# If $x$ is a strict local minimal point, is the Hessian at $x$ a positive definite matrix?

Given a function $$f$$ and its local minima $$x$$. We have known that if $$H(x)$$ is positive definite, then $$x$$ is a strict local minimum for $$f$$. https://planetmath.org/relationsbetweenhessianmatrixandlocalextrema

But does the inverse also hold? Namely, if $$x$$ is a strict local minimal point, is the Hessian at $$x$$ a positive definite matrix?

• I don't why this is downvoted. If there is any problem, just leave a comment here and I will modify it. Commented Sep 3, 2022 at 21:05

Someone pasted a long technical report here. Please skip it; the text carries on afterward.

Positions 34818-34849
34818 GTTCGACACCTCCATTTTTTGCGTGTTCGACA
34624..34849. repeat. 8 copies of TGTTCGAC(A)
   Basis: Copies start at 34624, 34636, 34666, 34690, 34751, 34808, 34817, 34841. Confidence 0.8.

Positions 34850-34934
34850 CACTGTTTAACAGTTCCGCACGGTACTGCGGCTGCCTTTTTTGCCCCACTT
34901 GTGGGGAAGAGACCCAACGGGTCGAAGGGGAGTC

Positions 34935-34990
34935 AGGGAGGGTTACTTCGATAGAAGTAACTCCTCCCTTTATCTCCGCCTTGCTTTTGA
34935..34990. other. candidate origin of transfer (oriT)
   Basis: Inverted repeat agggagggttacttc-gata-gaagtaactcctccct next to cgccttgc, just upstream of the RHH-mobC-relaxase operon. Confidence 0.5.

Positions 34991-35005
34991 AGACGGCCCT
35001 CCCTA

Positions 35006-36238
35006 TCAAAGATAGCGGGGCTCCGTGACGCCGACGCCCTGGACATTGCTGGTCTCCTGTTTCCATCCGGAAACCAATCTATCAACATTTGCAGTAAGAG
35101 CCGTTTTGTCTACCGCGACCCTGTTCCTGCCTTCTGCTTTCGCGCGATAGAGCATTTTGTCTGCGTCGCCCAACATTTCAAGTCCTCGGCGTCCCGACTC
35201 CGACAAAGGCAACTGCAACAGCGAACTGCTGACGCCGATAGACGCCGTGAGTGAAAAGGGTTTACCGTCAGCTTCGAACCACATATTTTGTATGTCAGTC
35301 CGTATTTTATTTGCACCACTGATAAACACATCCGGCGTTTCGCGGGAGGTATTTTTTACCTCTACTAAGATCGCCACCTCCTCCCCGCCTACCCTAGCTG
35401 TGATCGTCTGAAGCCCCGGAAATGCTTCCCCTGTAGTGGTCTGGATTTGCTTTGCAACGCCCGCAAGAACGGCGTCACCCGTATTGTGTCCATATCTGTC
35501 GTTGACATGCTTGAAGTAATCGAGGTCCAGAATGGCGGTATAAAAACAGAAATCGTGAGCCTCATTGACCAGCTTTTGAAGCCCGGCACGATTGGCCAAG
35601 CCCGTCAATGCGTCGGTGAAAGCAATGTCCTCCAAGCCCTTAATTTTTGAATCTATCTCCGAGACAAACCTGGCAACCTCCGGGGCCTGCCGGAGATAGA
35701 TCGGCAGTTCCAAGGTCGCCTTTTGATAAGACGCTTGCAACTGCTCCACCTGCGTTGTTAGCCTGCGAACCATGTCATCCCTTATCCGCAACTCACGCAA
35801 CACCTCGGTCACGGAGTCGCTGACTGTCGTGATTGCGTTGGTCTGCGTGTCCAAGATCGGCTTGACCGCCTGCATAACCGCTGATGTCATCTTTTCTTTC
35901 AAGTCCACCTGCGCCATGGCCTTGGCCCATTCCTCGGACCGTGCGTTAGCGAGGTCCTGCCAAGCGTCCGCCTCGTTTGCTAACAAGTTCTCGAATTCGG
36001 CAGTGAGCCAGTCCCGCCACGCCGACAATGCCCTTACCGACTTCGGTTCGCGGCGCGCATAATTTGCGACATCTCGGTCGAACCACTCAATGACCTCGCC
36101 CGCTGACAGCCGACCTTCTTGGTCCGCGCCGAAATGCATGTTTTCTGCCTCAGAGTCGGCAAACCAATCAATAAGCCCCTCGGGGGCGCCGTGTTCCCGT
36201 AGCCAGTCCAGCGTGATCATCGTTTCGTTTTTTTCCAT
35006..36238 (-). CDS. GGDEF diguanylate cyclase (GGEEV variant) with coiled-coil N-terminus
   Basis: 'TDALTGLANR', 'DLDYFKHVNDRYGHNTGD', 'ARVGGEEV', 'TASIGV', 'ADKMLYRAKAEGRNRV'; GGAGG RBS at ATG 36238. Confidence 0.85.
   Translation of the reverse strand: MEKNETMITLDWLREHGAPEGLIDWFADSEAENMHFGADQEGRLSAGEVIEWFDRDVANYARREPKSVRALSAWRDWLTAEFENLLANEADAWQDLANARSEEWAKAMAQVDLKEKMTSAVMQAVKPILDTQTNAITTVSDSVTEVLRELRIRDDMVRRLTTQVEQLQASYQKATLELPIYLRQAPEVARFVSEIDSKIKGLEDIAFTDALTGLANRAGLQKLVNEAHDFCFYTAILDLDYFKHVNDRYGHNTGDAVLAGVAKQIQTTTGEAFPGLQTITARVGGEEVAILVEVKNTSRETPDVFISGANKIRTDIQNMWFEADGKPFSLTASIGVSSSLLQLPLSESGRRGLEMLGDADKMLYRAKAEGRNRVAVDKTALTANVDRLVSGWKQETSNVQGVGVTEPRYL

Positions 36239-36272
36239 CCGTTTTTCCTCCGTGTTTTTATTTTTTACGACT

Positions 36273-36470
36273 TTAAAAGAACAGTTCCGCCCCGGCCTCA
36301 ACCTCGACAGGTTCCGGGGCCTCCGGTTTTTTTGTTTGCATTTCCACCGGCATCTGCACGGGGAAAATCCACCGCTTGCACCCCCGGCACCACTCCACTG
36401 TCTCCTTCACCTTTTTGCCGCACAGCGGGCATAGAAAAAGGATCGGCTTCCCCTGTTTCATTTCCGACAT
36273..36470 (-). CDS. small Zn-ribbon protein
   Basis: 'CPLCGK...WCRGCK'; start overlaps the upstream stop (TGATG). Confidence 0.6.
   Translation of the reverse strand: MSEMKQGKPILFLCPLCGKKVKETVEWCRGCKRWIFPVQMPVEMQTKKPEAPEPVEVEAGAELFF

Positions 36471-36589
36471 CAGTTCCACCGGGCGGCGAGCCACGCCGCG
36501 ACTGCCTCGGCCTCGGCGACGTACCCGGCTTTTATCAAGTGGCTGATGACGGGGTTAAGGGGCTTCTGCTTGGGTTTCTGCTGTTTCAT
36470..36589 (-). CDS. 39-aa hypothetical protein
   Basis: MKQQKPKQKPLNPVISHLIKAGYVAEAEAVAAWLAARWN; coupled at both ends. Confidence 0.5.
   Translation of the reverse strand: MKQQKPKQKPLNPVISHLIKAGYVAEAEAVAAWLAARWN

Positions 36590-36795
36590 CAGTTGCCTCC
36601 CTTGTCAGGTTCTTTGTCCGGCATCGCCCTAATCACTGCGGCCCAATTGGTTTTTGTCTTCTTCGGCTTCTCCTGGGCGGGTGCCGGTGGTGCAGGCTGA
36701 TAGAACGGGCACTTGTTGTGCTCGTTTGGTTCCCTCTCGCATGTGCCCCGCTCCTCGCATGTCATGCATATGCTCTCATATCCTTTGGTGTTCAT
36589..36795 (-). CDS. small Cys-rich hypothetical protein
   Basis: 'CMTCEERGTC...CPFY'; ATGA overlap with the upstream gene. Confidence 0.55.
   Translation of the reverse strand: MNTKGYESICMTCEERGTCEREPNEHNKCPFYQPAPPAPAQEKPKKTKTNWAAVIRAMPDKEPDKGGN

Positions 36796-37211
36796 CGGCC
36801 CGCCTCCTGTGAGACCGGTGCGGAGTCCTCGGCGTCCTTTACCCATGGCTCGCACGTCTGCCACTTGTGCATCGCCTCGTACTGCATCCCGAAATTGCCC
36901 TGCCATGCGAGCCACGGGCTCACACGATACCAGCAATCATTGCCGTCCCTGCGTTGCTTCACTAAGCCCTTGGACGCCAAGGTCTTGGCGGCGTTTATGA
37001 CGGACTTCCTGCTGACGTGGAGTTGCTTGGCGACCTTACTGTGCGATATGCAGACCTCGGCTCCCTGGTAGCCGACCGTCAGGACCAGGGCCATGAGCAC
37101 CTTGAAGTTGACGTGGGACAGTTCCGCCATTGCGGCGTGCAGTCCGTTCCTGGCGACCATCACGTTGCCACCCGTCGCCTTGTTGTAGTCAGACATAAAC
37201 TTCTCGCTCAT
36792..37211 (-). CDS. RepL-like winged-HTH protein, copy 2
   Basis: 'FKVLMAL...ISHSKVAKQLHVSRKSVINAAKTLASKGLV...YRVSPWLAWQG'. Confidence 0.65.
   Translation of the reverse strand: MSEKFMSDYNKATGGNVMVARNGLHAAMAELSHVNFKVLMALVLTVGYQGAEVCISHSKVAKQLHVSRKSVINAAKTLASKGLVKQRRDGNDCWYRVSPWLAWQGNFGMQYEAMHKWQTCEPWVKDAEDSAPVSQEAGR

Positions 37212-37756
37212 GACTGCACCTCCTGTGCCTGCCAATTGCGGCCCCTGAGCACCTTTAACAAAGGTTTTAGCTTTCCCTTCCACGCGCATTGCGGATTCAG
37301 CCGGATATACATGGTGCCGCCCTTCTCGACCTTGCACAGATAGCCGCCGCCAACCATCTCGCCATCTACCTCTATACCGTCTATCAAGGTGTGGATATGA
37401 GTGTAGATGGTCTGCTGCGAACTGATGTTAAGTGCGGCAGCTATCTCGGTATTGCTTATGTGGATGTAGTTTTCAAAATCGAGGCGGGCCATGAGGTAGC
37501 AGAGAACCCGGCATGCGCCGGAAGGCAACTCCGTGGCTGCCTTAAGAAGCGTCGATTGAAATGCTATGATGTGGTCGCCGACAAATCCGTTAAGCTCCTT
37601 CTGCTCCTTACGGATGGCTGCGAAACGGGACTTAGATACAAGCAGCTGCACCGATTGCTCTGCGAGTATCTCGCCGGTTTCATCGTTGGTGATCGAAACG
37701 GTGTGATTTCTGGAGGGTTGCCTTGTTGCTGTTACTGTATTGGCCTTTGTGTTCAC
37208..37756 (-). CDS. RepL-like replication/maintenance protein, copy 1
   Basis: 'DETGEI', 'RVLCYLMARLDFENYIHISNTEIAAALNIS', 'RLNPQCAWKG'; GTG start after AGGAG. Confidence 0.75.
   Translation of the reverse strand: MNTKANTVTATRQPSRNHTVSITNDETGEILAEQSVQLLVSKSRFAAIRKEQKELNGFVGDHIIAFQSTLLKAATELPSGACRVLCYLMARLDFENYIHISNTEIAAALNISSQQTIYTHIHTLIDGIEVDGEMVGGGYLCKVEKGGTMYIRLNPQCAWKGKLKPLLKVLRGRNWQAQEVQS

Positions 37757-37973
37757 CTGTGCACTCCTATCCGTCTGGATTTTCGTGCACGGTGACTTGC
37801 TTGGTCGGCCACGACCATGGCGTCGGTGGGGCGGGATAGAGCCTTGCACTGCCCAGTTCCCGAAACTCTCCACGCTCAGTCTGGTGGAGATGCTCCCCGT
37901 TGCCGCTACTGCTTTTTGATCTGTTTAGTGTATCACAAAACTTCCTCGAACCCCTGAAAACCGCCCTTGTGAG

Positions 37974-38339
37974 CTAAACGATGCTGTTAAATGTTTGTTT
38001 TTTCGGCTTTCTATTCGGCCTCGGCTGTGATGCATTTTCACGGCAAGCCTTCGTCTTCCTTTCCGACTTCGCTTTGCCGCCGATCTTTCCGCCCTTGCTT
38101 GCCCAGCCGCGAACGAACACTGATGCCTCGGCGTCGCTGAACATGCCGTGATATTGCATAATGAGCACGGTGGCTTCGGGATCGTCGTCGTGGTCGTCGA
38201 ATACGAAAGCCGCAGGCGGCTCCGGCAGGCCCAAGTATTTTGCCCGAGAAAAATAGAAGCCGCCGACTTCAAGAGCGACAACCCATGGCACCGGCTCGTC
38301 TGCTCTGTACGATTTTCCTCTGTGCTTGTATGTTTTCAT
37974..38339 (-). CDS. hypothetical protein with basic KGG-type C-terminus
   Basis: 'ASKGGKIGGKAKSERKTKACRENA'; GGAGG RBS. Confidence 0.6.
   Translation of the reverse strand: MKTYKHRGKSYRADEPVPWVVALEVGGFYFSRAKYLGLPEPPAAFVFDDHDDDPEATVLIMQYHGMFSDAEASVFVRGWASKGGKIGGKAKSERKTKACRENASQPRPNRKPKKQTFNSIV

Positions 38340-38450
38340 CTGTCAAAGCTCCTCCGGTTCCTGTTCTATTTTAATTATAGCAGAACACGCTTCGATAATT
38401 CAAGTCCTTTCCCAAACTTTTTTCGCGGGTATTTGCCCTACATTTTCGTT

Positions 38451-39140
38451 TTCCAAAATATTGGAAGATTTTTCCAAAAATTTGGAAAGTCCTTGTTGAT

The Hessian must be weakly positive definite (that is, $$v\cdot H(x)v\ge0$$ for all $$v$$), but need not be strictly positive definite. For example, if $$f:\Bbb R\to\Bbb R$$ the Hessian is just the $$1\times1$$ matrix $$[f'']$$; the function $$f(x)=x^4$$ has a strict global minimum at $$x=0$$ but $$f''(0)=0$$.
No, that is not true. Consider for example $$f:x \to \|x\|^4$$. Clearly this has a strict local minimum of in $$x=0$$. But $$d_v^2 f(0) = 0$$ for all $$v$$. So in fact the hessian vanishes in $$0$$.